David remembered my play and invited me to court. The wings on my Robin shoes were half peeled, flapping like a tiny bat. My toes bulged at the seams. My T-shirt stretched. Our sweat splattered and instantly evaporated. The callus on my toe bled, but was camouflaged by my black polyester socks. We won again.
David ordered another showing of shoes after that game. We lined up as before. The boys laughed again, pointing their fingers at me. They wore the latest Nike, with a red man stretched like a letter X holding a wart. I was not taken by the wave anymore. I pulled away and sat on a field of sallow crabgrass, knees drawn to my chest, arms around them, chin resting on the knees.
Another person immediately leaped from the bleacher and took my spot. Her bleached head reached their chests; her scrawny legs shimmered like the Mediterranean Sea in the morning light. She flashed a pair of glossy sneakers with thick pink laces, and an open-mouth alligator plastered on the sides.
“These are La Coste,” she gushed. The article didn’t match the word, and it was neither Spanish el costo nor French le coût. She probably spoke Latin. The boys shrugged and strolled to the cafeteria. David rolled the ball to me but it curved back into the court. I watched it stop near the free-throw line.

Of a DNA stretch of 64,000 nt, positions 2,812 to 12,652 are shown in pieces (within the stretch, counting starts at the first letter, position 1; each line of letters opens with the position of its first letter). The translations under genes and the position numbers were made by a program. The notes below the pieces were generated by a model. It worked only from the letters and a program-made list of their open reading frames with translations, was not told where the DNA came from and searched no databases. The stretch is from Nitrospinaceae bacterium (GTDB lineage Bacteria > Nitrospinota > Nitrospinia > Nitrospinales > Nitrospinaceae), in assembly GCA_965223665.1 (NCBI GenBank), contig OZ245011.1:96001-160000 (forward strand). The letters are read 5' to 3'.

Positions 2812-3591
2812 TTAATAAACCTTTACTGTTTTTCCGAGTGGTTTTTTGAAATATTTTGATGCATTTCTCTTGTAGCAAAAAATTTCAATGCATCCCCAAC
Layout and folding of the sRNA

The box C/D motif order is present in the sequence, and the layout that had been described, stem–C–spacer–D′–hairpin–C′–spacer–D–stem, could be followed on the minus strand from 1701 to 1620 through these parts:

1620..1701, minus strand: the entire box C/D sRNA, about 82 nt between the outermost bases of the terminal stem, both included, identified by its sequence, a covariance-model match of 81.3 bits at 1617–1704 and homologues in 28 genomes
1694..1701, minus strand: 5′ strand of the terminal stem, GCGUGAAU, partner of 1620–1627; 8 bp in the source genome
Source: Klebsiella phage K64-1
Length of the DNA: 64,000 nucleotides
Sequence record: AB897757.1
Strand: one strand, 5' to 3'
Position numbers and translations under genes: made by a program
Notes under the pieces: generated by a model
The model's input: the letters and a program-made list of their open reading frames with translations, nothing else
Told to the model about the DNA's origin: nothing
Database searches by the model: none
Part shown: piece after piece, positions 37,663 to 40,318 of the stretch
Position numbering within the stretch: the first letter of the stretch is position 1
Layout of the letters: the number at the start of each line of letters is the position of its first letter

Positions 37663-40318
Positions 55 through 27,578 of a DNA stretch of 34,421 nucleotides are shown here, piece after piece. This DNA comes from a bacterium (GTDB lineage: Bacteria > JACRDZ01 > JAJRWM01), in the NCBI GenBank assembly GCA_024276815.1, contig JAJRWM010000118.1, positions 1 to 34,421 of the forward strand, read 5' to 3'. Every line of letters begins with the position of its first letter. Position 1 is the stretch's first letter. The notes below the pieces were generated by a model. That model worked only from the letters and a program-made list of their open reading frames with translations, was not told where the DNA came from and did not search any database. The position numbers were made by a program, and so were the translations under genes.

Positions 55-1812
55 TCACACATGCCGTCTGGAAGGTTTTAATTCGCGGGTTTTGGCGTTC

The girl grabbed the ball and sat on it next to me. She removed the letter L from the eyelet and tied it to my lace. It was a dainty white L, made of jute. She spoke rapidly. “My mom’s remodeling the kitchen. I found extra strips of linoleum and carved out the L with an X-Acto knife.” I didn’t grasp any of it. I remained silent.
“Look,” she pointed. “L and R.” I nodded. A half-smile broke out on my face.
For the next three months the L drummed off the R with every step. I sprung six inches that winter into a wary black stork, and she became a flaming flamenco. It rained for the first time. My toes poked out and got wet. The R had converted to a P before my mom replaced the shoes with a pair of soccer cleats. They were brand new from K-Mart. The orange ball had tanned like a cherry; the bumps on its leather had faded. I wore the L on a necklace, under my shirt close to my heart, hidden from my mom.